When we head to university, our eyes are bright and we are excited for the possibilities, the future that is still just out of reach, but finally a visible line at the end of the track. We sign up for the classes that we have to, as well as the classes that we hope will expand our minds, and teach us about parts of the world that – up until this point – we have failed to be educated on. We go to classes, we go to parties. We strive to live some ideal of ‘young and free’ that television, books and movies have taught us we all deserve.
But these aren’t the lessons that we learn.
From our first week on campus, we are faced with the harsh realization of our society’s violent culture of sexual assault, rape, and degrading views of women.
The Frosh chants that are described by the leaders as: “a way to loosen up… to feel less apprehensive.”
“We like them YOUNG! Y is for your sister. O is for oh so tight. U is for underage. N is for no consent. G is for grab that ass.”
They’re described as “sexist” not “violent and dehumanizing.” The media has singled out a couple of schools for their use of the chants, but we know they are more widespread than that.
As we continue through our four years of study, we learn that we aren’t safe. We learn to fear.
We are taught by our universities to go out in groups, keep an eye on our friends, not to be intimate if we’ve been drinking, and to take taxis. Men are taught that they can “help prevent” sexual assault by keeping an eye out and protecting women.
In our computer science classrooms, we are asked to “develop a software program to determine if a rape victim would kill herself.”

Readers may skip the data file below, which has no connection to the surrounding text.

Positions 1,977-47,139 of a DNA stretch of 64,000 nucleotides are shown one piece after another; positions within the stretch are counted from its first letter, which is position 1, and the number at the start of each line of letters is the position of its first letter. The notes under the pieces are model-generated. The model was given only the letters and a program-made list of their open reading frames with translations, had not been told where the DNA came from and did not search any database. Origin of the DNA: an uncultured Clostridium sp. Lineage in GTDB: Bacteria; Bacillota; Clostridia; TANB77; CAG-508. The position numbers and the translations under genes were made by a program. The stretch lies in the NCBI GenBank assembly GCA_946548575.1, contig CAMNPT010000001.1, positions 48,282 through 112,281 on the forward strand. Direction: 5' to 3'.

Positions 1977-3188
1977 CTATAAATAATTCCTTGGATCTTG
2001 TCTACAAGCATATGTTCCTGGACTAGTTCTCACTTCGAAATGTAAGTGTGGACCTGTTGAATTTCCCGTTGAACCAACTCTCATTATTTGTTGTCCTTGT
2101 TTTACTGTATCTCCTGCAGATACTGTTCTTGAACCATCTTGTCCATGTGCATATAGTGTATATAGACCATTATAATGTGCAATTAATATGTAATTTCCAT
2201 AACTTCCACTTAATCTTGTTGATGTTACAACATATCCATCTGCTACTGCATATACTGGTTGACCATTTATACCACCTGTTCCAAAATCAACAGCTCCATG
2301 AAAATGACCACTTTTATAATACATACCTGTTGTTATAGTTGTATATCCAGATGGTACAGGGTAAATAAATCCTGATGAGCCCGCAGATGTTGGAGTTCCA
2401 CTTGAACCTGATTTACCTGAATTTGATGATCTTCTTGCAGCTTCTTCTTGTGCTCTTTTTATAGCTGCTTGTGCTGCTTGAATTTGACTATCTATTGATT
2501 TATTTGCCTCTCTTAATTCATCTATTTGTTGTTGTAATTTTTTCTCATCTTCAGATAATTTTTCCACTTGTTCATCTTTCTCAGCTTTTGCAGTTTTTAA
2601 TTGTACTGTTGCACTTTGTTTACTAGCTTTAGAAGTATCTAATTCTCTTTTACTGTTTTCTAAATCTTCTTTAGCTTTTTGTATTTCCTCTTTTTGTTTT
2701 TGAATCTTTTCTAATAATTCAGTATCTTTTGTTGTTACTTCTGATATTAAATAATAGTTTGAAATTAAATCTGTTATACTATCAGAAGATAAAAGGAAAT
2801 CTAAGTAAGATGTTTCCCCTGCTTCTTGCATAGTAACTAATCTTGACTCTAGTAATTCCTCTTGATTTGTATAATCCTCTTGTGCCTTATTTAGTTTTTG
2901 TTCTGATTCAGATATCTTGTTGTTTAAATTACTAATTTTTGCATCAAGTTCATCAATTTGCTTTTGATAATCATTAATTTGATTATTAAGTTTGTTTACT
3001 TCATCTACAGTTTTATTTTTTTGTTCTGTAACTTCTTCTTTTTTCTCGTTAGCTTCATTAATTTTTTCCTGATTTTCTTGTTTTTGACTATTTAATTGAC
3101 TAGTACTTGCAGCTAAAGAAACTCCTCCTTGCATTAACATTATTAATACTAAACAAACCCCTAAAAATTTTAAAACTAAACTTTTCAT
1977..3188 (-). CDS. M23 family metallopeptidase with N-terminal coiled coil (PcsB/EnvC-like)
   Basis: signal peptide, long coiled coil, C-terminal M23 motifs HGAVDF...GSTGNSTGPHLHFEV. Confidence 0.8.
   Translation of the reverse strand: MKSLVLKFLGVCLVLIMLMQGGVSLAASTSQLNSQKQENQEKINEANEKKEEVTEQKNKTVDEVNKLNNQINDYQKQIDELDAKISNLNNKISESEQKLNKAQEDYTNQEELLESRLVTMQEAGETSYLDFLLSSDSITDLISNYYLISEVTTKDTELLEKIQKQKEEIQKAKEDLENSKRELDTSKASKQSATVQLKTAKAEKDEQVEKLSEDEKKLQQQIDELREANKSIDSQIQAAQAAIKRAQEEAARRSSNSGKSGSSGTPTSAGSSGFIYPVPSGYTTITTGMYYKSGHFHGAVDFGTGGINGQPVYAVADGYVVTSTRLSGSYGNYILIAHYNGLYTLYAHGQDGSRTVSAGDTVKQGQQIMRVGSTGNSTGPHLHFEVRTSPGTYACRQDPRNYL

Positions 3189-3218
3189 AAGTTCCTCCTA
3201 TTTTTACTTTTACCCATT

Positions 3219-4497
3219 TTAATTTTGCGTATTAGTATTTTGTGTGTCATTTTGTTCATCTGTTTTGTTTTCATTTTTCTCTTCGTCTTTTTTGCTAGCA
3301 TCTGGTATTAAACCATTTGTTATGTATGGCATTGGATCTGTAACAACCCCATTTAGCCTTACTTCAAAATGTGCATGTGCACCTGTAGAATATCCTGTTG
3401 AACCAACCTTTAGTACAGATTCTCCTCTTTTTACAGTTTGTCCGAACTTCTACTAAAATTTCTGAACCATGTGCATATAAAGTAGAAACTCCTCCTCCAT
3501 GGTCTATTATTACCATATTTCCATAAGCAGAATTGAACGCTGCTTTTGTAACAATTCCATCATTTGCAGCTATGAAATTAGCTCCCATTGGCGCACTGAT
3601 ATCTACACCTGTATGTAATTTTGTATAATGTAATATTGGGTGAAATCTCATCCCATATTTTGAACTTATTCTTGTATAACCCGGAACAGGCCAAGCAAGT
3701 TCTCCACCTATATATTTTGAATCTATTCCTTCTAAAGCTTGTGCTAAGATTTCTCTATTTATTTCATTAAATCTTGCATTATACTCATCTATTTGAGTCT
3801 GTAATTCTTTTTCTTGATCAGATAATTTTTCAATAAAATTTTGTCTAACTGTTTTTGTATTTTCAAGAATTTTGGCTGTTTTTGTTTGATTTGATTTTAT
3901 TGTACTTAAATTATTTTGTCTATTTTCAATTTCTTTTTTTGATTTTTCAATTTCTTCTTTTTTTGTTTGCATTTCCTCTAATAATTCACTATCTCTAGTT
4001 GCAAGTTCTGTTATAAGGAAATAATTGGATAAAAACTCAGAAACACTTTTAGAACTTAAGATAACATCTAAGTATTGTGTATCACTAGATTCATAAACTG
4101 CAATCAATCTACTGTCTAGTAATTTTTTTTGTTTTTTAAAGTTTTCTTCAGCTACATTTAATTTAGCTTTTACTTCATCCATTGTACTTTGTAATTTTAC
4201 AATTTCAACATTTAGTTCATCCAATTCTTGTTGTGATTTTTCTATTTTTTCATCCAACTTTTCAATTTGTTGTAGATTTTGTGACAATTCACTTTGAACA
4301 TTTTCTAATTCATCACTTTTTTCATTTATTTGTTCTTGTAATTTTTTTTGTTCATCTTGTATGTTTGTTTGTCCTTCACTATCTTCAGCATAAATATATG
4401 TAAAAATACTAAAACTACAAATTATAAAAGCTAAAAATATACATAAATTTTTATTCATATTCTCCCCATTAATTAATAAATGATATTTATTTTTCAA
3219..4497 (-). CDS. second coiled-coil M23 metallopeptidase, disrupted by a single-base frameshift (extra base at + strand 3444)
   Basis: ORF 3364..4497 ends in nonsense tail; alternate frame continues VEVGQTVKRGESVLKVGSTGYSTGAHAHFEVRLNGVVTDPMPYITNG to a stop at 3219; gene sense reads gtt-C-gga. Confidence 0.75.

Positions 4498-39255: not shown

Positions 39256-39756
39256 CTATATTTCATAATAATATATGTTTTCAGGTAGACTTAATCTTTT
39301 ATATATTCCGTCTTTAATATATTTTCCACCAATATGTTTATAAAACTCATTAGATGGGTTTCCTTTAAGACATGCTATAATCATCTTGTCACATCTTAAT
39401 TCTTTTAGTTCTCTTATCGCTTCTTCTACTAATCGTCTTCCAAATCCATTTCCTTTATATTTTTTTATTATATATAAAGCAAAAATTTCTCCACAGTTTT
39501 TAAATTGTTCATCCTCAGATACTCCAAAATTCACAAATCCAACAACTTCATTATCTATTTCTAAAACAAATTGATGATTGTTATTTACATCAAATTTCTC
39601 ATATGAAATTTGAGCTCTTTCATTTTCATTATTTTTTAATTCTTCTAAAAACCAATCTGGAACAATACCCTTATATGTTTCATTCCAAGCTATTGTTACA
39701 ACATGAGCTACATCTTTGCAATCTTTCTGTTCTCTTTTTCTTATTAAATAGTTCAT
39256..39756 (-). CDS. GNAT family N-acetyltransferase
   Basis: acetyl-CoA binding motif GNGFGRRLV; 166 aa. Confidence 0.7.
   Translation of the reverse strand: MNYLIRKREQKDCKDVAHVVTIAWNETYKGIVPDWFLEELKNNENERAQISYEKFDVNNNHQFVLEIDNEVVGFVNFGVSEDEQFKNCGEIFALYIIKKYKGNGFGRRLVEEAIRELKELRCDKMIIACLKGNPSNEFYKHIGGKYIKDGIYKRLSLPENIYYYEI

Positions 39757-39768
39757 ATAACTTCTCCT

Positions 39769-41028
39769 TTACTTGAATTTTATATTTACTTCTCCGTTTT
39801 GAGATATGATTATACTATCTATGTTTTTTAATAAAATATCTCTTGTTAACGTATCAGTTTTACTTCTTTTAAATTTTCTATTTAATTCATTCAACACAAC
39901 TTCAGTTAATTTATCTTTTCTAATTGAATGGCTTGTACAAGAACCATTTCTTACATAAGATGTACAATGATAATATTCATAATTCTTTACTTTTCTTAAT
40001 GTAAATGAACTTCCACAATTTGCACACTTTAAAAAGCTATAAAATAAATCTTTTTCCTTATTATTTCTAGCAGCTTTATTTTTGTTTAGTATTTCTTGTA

We are taught that the “issue” is significant, but not alarming.
Spokespersons, Deans, and University Presidents are “surprised” or “disappointed.”
When our national broadcaster chooses to say that the Frosh chants glorify, “underage sex with girls without consent” instead of rape, violent rape, or rape of a minor, we are taught to trivialize the issue.
When we look further, when we see the words that they won’t chant in public – as with the recent revelation of the McMaster University Engineering Faculty’s Redsuits songbook – we learn that many do not consider us their peers. With lines such as, (warning: extremely violent)
“Who can take a cheese grater, Strap it to his arm, Shove it up her cunt, And make some pussy parmesan”
“There once was a redsuit named Scott, Who wasn’t regarded as hot, But when its [sic] dark in the dorm, And you’ve got chloroform, It doesn’t matter if you are or you’re not”
we inevitably learn that we are in no way considered equals. We are hardly considered humans.
These lessons prepare us for a world that is dangerous for women – sidewalks, buses, subways, taxis, our own beds our friend’s houses, our workplaces – just as university campuses. We learn that society expects us to take every possible extra precaution. To constantly be looking over our shoulders. To fend for ourselves. We learn that if we are too angry, or too loud in our protest – we are being unfair to the good men. We learn that “feminist” is a dirty word.
Hopefully, we learn to keep fighting for change.
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